George Zimmerman trial: Attorney Benjamin Crump's involvement in the case

Day 10 of the George Zimmerman trial

SANFORD, Fla. Trayvon Martin's family attorney Benjamin L. Crump has not been in court since the defense announced that he was going to be a witness in the case. His deposition  in the George Zimmerman trial was pending Friday afternoon.

In 2012, Crump talked to a woman who identified herself as Dee Dee.  In an affidavit earlier this year, Crump affirmed he first came in contact with the Martin family Feb.  28, 2012.  A day after acquiring Trayvon's phone records, March 19, 2012, Crump spoke to a woman who identified herself as Dee Dee. Crump referred to her as Witness 8.

Rachel Jeantel was the last one to talk to the unarmed 17-year-old from Miami Gardens before Zimmerman killed him at a gated community Feb. 26, 2012 in Sanford, Fla.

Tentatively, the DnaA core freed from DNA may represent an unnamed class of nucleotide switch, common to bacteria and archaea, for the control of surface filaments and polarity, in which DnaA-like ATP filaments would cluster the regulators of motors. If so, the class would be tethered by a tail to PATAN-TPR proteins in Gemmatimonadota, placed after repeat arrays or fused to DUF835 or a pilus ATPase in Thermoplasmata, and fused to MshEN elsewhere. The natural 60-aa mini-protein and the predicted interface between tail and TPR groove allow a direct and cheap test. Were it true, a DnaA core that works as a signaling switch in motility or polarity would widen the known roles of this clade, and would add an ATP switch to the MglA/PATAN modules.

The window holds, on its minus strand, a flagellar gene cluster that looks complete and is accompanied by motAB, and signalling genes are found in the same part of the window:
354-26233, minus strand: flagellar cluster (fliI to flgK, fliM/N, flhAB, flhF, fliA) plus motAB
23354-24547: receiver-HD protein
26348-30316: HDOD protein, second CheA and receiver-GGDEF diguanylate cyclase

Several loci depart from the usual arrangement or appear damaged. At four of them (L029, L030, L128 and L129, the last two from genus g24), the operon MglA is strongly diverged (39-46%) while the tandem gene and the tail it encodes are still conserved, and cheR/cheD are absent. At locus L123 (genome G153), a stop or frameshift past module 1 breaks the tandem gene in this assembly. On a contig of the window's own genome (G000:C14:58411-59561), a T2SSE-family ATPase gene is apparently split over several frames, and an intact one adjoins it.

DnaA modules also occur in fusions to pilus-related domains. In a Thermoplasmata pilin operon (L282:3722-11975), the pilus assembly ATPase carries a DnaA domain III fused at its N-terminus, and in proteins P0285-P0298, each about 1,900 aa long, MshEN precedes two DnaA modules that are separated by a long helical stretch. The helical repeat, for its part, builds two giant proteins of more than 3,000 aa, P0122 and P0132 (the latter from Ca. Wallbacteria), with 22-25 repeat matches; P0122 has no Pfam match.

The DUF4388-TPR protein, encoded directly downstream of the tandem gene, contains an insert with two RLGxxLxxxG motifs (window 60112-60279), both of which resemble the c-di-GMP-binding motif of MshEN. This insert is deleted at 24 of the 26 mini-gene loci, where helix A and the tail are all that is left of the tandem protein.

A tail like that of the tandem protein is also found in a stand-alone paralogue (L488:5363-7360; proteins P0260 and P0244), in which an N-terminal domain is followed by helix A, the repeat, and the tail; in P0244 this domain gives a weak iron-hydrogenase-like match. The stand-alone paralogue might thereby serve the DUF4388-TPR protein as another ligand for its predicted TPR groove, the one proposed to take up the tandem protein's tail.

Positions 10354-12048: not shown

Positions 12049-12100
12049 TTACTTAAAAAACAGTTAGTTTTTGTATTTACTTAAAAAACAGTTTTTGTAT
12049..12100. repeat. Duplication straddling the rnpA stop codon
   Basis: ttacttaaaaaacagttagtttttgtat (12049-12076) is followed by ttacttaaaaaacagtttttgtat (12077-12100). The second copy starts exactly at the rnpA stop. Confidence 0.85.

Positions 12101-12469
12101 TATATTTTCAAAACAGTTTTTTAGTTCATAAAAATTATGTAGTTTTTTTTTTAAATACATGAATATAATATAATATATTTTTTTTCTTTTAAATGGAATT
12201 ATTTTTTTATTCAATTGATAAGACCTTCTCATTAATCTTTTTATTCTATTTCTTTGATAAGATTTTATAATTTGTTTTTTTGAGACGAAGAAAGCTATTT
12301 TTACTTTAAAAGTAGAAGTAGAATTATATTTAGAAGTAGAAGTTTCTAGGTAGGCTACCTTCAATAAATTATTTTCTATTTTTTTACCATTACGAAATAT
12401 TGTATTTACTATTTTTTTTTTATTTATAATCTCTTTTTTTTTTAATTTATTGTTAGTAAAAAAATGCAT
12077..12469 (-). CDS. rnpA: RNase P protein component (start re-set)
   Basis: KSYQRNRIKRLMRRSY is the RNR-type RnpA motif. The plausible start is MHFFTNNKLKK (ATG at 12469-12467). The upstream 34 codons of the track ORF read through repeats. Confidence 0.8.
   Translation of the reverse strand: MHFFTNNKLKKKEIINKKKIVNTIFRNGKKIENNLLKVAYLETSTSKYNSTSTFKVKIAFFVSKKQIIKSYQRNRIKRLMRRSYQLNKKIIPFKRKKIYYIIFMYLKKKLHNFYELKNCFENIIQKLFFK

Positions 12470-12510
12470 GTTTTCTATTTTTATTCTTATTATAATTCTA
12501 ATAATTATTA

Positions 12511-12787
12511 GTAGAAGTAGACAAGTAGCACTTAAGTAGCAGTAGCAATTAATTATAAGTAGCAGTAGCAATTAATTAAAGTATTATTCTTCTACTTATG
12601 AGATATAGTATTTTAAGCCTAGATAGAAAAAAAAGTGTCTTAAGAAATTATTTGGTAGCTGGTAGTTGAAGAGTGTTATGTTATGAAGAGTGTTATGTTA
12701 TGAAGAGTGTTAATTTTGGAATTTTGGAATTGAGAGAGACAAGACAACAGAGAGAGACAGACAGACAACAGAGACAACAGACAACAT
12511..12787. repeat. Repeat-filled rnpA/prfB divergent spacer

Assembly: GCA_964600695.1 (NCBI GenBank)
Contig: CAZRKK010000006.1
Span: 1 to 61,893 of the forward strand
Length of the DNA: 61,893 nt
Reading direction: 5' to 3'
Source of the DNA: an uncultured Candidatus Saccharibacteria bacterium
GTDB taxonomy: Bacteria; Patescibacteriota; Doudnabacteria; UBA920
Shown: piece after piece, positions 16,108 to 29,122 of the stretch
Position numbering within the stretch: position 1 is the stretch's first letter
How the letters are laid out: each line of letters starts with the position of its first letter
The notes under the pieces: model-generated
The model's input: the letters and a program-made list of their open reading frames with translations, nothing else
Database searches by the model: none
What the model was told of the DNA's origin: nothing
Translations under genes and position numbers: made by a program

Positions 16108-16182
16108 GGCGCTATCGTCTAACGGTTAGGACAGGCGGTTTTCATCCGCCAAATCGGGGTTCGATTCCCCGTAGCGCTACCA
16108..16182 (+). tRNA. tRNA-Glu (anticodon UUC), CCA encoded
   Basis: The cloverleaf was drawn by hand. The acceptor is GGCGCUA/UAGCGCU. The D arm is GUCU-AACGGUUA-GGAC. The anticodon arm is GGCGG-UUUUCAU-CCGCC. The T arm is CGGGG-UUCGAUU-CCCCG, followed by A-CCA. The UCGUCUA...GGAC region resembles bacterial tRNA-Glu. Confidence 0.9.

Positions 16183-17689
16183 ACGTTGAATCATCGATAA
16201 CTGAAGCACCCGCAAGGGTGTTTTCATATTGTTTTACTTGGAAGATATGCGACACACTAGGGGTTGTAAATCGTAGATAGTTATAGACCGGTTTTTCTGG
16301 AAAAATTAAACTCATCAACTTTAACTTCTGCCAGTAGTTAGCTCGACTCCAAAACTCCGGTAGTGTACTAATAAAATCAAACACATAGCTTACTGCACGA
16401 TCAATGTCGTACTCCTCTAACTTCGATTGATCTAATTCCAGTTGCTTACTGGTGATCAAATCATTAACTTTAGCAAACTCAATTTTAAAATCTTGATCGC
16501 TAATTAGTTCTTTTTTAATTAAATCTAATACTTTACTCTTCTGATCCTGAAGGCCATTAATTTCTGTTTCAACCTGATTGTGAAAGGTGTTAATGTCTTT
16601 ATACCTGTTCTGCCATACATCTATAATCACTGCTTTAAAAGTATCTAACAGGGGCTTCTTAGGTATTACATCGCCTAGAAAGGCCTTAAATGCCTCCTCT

In the recorded phone conversation, a woman alleging to be Jeantel said she heard Zimmerman talk to Trayvon before their phone call got cut off. 

Her statement has been inconsistent, and there has been speculation that the woman in the recorded phone conversation was not her.

During the conversation, she first said she heard Zimmerman ask Trayvon, "What are you doing around here?" She later changed her statement and said she heard Zimmerman said "What are you talking about?"

During her testimony in court, Jeantel said she didn't write a letter addressed to Trayvon's mother Sybrina Fulton. She said she asked a friend to take dictation and signed it Diamond Eugene. The last name, she said, was her mom's last name. She said she couldn't read the letter, because she didn't know how to read or write in cursive.